It is that time of year when your child is becoming a young adult and headed off to college. Checklists are being marked off. School supplies and college dorm room essentials are being bought. While everyone is running around from store to store, it’s also important to take time, sit down, and talk about all the situations they might encounter. Marijuana, alcohol, and other illicit drugs are a very common occurrence in a college environment. Talking to your child about these situations will help them understand the severity of these topics and give them a good understanding of substance abuse. However, before you sit down and have “the talk,” make sure to read and understand these key points.
Tone is Everything
When your child is becoming a young adult and heading into college, the tone of the conversation should shift from an “enforcing and parental” tone to a “helping and guiding” one. Even though they are your child, don’t talk to them as if they are still a child. Think of it as if one of your friends were talking to you. I’m sure you wouldn’t care about the conversation too much if they were talking down or acting like a parent towards you. Keeping this in mind will not only help how you word the conversation, but it will keep the conversation flowing even after the initial talk. This may seem difficult or maybe even a bit awkward at first, just remember this: This is a conversation. Not a lecture.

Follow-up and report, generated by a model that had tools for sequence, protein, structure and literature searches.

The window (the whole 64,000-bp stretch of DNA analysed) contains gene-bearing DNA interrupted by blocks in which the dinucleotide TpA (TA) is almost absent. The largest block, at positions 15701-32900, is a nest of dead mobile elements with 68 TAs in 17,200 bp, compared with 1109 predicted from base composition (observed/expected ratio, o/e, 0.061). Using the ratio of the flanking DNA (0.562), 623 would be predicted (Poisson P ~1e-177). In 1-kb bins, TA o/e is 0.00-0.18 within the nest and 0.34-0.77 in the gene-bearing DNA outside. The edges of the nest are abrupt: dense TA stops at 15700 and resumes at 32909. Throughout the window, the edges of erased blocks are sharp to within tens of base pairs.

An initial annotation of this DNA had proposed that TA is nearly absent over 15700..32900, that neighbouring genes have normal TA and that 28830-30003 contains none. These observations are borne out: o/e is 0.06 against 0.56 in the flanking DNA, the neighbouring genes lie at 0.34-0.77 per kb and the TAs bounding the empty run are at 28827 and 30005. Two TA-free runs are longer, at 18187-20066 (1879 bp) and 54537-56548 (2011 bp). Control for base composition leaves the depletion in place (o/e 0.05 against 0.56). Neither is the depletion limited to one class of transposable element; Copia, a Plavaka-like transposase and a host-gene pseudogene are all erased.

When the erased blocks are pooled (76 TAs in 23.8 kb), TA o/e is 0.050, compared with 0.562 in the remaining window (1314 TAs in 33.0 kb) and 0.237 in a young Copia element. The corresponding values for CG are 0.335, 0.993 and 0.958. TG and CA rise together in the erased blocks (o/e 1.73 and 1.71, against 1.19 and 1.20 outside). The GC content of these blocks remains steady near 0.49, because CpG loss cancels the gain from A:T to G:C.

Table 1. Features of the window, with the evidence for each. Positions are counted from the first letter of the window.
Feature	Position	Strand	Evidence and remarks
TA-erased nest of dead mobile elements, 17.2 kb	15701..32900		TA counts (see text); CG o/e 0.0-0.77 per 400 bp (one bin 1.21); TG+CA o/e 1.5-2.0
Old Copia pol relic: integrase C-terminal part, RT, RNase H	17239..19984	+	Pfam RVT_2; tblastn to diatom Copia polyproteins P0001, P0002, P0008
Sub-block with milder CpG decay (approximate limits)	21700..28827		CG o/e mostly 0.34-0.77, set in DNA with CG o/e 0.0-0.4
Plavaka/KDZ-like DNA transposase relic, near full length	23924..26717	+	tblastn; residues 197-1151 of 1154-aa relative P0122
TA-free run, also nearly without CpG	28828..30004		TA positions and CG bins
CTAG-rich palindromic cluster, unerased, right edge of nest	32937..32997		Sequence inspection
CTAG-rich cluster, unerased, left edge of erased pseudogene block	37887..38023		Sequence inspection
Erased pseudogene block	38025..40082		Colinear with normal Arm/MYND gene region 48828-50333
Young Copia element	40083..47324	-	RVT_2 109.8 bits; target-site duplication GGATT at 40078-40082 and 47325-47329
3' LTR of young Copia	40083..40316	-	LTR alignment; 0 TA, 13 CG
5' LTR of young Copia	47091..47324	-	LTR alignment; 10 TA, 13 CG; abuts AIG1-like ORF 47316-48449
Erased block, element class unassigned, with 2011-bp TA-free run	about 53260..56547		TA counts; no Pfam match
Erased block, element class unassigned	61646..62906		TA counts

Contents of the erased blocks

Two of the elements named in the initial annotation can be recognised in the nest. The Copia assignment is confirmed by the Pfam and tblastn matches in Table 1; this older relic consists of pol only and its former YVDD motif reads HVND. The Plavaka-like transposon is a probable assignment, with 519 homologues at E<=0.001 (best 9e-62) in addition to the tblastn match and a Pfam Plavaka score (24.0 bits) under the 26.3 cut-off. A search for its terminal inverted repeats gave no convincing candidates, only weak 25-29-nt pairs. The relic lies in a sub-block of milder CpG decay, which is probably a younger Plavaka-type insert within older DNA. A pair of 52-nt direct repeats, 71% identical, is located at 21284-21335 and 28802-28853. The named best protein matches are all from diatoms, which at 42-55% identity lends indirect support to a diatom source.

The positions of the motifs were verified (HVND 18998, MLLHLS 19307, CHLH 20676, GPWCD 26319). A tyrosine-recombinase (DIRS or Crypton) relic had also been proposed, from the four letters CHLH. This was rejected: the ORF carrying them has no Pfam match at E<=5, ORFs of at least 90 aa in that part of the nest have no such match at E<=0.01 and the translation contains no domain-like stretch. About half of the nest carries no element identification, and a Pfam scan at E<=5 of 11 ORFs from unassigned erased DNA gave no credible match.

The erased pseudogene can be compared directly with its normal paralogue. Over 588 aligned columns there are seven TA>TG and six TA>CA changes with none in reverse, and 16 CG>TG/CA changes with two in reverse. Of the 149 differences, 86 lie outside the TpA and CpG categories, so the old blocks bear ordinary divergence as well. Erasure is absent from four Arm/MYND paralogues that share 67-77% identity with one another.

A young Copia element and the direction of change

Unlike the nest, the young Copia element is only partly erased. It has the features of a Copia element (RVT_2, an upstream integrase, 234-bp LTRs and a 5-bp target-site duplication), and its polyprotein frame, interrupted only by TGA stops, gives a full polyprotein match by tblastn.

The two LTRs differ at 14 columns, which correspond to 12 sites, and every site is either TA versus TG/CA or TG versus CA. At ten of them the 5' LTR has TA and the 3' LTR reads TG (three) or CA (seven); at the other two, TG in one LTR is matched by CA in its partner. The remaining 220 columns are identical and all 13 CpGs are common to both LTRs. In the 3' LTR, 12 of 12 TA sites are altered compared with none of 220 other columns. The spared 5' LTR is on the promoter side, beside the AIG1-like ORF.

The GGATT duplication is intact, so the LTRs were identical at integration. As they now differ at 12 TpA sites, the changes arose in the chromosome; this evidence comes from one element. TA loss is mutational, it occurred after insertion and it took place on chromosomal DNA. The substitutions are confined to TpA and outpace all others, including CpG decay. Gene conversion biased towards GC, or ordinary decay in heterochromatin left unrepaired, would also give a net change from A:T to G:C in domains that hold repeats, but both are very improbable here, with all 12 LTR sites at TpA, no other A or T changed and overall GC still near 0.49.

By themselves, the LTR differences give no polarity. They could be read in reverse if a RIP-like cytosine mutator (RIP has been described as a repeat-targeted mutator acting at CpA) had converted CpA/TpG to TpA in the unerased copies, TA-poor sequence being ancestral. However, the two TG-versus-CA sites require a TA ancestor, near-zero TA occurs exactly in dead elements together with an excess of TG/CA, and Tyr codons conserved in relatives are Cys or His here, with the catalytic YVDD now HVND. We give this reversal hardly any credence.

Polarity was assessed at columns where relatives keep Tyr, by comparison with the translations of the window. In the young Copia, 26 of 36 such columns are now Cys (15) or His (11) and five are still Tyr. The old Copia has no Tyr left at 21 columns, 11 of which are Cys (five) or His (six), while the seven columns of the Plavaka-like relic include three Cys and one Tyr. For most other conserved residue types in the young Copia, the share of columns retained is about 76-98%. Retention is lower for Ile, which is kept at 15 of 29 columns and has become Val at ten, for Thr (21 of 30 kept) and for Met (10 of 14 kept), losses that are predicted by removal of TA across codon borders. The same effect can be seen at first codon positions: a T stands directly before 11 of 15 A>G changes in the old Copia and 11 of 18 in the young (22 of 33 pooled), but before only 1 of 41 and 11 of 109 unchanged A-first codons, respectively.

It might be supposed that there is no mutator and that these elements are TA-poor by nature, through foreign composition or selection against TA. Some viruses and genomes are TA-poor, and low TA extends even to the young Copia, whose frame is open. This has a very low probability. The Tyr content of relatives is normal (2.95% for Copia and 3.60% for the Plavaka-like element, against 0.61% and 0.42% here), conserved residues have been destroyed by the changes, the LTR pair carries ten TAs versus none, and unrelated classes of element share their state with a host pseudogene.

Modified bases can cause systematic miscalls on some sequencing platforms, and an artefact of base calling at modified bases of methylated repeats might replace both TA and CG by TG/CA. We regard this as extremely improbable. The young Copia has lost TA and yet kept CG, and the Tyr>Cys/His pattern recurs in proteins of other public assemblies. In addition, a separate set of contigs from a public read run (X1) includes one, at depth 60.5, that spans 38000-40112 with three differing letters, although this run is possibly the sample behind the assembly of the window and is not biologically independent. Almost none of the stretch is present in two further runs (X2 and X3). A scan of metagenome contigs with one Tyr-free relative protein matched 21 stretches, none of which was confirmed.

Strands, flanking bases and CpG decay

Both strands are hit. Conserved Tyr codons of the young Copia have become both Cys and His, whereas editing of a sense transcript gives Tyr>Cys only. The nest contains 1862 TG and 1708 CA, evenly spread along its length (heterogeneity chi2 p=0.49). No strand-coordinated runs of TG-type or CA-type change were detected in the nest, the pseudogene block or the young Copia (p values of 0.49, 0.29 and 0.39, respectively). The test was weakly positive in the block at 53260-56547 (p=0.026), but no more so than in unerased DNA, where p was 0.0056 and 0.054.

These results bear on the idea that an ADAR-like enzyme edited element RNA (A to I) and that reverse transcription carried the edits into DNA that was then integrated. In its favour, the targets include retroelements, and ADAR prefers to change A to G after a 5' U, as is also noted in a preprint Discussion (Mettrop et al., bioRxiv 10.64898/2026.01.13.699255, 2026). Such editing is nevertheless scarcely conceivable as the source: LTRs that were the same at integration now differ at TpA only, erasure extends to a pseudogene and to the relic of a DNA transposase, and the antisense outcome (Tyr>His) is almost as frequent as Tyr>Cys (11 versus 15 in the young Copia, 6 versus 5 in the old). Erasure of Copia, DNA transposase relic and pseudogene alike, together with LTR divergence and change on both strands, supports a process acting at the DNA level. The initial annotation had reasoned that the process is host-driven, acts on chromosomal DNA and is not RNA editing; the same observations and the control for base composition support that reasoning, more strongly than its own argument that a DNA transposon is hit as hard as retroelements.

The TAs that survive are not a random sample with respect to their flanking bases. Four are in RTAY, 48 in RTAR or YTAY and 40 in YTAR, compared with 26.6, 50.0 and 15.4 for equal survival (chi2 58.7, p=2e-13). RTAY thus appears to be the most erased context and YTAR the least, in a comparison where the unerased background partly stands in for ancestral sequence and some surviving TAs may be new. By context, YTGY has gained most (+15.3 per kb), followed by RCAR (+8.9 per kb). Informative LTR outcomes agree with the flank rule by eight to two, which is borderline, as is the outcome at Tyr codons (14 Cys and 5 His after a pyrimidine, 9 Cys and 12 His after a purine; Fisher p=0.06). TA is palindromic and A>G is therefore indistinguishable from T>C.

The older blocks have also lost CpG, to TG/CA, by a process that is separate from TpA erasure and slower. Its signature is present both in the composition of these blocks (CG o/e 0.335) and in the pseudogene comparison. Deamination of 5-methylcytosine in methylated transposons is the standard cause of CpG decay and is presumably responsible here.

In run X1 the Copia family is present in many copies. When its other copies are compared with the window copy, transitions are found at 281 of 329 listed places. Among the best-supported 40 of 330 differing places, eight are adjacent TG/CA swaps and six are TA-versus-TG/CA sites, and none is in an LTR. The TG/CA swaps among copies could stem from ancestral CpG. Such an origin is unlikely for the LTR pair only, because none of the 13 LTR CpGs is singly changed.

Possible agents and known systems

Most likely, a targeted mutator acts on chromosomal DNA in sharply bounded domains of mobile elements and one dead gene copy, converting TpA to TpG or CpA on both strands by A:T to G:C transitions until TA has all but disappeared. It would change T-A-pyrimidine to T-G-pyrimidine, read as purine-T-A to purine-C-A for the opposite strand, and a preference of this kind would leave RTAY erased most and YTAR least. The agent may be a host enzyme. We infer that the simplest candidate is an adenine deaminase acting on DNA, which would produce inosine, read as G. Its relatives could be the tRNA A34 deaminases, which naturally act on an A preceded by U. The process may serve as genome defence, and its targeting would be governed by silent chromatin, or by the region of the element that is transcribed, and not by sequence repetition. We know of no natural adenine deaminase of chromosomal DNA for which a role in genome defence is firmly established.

Know Your Facts
Keep up to date with drug and alcohol statistics for teens and college-aged young adults. Yes, this might mean doing research, but The National Institute on Drug Abuse creates easy-to-read fact sheets. Be sure to get all the facts to prepare yourself for the conversation. Death Rate, Assault Rate, Sexual Abuse, Health Problems/Injury, Academic Issues, and Suicide Attempts are all major key points that should be talked about. Make sure your kids read and understand these facts with you but also bring up these topics in a nurturing light. If not, drowning them with statistics and facts will only distance themselves from the conversation and get you nowhere.
Be Open about Your Experiences
Yes, your child will most likely ask you about your experiences with drugs, if any, and that’s okay! You need to be prepared to talk about these experiences, good or bad. They might even tell you if you drank/did drugs in college that it’ll be fine if they do too. However, you need to discuss how you do not want them to make the same mistakes in college that you did. Talk about why you regret your decision to binge drink, try drugs, etc. You’re passing your wisdom onto them in order for them to learn from your mistakes.
Keep the Conversation Open
Even after the initial conversation, having smaller conversations that lead back to the initial talk can really drive the point home. Doing this will also make the topic less awkward in the long run. This will also allow your child to open up to you more and be more truthful about what is happening in their lives. The main goal is to keep the pathway of conversation open and not block it.
Ask Questions and Do Research
It’s perfectly fine if you don’t have all the answers to their questions. No one expects you to! If your child asks you a question that you don’t know the answer to, look it up together. Ask your child questions too. Have they heard of certain drugs? What do they know about them? This will not only help them feel important to the conversation, but also allow you to see into their world better.
Once you are able to take these five key points and implement them into your conversation with your child, the rest should come easy. Talking to your kids about illicit drugs and alcohol should not be a scary and/or daunting scenario. College is a miraculous time that is full of learning and creating new life experiences. With that being said, your child needs to understand the difference between life experiences that will help build them up and ones that can tear them down.